A sassy and imaginative combination of documentary film, conceptual art and social work:? Robert Bramkamp’s film “The Boat God of the Lakeside Sports Club” opens today at the Brotfabrik
by Brigitte Werneburg
As God, you haven’t got a chance in this country. As God, you are condemned to long-term unemployment. None of the pious Christian, Judaist or Muslim faiths need to even bother nodding their heads in agreement of this; as of yet, it has never been reported anywhere that their God has even once applied to a job-creation program. Enki, the 5,000-year-old Sumerian Bringer of Civilization, on the other hand, did just that. And he failed.
At the moment he is a freelance artist, which is what he probably was for the longest time. Whether or not he could get funding for an “I-Inc.” program is not mentioned in Robert Bramkamp’s documentary film about the Wendisch-Rietz Lakeside Sports Club, which is where Enki was active a summer long. The film ends with Enki trying to convince his employment office caseworker to extend his job-creation program position at the sports club – if not as a god, then at least as an actor playing god. That way, he could deal with the permitted cultural tasks as defined by location and simultaneously slip into the role of janitor, thus also getting the required work at the sports club done.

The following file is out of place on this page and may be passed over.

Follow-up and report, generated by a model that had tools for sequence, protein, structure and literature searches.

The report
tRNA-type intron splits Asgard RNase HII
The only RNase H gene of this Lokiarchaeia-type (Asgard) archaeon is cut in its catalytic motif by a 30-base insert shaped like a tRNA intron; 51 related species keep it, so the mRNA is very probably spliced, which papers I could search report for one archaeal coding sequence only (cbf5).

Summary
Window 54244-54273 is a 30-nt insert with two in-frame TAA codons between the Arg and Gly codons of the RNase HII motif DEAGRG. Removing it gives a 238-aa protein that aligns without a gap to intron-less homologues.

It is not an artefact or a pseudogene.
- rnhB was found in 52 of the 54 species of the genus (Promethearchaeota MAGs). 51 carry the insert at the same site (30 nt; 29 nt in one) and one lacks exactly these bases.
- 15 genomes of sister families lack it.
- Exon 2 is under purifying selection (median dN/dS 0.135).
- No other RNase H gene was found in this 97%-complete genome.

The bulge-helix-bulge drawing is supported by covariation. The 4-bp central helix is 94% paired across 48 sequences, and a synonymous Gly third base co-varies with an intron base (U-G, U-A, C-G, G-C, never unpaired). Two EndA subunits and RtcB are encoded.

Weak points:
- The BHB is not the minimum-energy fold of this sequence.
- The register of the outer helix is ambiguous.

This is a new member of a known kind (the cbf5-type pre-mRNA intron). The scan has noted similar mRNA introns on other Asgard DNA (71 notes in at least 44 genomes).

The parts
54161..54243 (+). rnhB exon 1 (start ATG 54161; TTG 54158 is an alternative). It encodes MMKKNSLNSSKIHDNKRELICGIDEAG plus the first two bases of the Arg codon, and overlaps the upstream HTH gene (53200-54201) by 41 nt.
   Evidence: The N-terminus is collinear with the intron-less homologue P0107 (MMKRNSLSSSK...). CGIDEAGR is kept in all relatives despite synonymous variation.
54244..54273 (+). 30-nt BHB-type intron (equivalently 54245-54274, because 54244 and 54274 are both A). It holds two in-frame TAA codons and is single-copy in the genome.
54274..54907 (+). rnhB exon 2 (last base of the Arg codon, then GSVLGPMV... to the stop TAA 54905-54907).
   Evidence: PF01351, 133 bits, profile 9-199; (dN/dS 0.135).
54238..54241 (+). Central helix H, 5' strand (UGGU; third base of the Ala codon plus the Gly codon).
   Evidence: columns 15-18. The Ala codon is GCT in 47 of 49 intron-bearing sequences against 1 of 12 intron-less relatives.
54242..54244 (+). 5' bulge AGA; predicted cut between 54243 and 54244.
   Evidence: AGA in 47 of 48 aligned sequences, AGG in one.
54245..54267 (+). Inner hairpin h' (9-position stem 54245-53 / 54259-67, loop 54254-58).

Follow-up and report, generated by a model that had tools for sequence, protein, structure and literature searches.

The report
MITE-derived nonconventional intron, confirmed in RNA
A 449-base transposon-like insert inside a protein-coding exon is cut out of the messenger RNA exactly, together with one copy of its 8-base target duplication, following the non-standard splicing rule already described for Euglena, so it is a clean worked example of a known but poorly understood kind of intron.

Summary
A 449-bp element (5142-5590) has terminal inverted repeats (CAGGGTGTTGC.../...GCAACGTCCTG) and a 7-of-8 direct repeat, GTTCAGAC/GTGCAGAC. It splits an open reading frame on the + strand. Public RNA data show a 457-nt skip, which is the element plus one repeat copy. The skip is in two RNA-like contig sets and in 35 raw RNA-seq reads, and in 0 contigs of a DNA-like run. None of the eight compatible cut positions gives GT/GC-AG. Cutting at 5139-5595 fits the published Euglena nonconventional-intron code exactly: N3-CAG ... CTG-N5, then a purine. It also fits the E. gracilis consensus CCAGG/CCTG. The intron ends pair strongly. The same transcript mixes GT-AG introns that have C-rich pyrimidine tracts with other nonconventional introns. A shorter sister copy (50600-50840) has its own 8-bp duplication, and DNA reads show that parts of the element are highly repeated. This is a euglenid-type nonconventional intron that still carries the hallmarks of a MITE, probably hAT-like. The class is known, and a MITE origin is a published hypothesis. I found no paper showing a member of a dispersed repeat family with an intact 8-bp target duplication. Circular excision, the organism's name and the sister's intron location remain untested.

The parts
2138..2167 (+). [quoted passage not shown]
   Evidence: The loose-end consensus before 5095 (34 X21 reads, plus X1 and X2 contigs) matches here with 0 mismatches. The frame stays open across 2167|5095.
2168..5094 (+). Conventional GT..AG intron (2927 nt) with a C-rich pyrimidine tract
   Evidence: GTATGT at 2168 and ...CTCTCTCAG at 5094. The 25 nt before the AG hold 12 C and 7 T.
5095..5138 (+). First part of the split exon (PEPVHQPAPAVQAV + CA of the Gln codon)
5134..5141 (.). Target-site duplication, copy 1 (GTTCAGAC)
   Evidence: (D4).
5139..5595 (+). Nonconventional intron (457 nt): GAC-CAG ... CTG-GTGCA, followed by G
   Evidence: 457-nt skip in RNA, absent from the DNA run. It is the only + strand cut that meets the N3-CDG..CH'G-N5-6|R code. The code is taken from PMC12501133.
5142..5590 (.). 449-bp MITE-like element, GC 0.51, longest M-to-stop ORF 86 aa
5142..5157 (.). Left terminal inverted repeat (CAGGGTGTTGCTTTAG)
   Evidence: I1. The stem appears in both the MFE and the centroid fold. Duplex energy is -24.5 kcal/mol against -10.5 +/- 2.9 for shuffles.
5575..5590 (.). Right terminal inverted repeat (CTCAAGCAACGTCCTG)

On the one side, the proper job, which generates taxes and social benefits for the state; on the other, the voluntary activities that have nothing to do with the job market – Robert Bramkamp has transferred this socio-political, volatile fiction into a aesthetic fiction: He has taken the actual, existing fulltime job at the Wendisch-Rietz Lakeside Sports Club (which, in turn, cannot afford to pay for it) and simply defined it as a godly issue. This brilliant maneuver changes his documentary film into a great film, a film both impudently political and extremely imaginative visually.
Enki, Sumerian God and totally normal, German job-creation program participant, has landed. Not in the chic Bad Saarow, but in an un-chic location. And there he wants to now distribute the mythical Me amongst the people – 100 of them, each one enabling a special ability. Me 33 permits the discovery of the correct house paint color. Each Me gets a yellow numbered sign and a location; this way Bramkamp can approach the facets of life and work at the club strictly documentarily while simultaneously but slowly labeling and serially numbering the entire landscape. Mundane jobs are staged as performance, and the commonplace documentary torques into a comedy. Picture postcards of the lake at sundown become intelligent conceptual art.
And here again Rober Bramkamp tests the limits of documentary film: Enki is really a role, and the actor Steffen “Schortie” Scheumann takes some risks in it. For he must help the laymen in their performances – the people at the club, from the lake and surrounding area – and they should not let themselves be distracted by Enki and his Godly, prophetic demeanor. It does not always work out like that, which sometimes takes its toll on Steffen Scheumann’s act. Exactly that, however, brings the documentary aspect of the film back into play: The question of the maintenance and development of the lakeside sport club’s social topography. On the Internet, the website www.enki100.net continues to promote and drive the pertinent artistic activities of the network project.
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Contrapress media GmbH
Vervielfältigung nur mit Genehmigung des taz-Verlags
Erscheinungsdatum 1.6.2006, S. 27, 120 Z.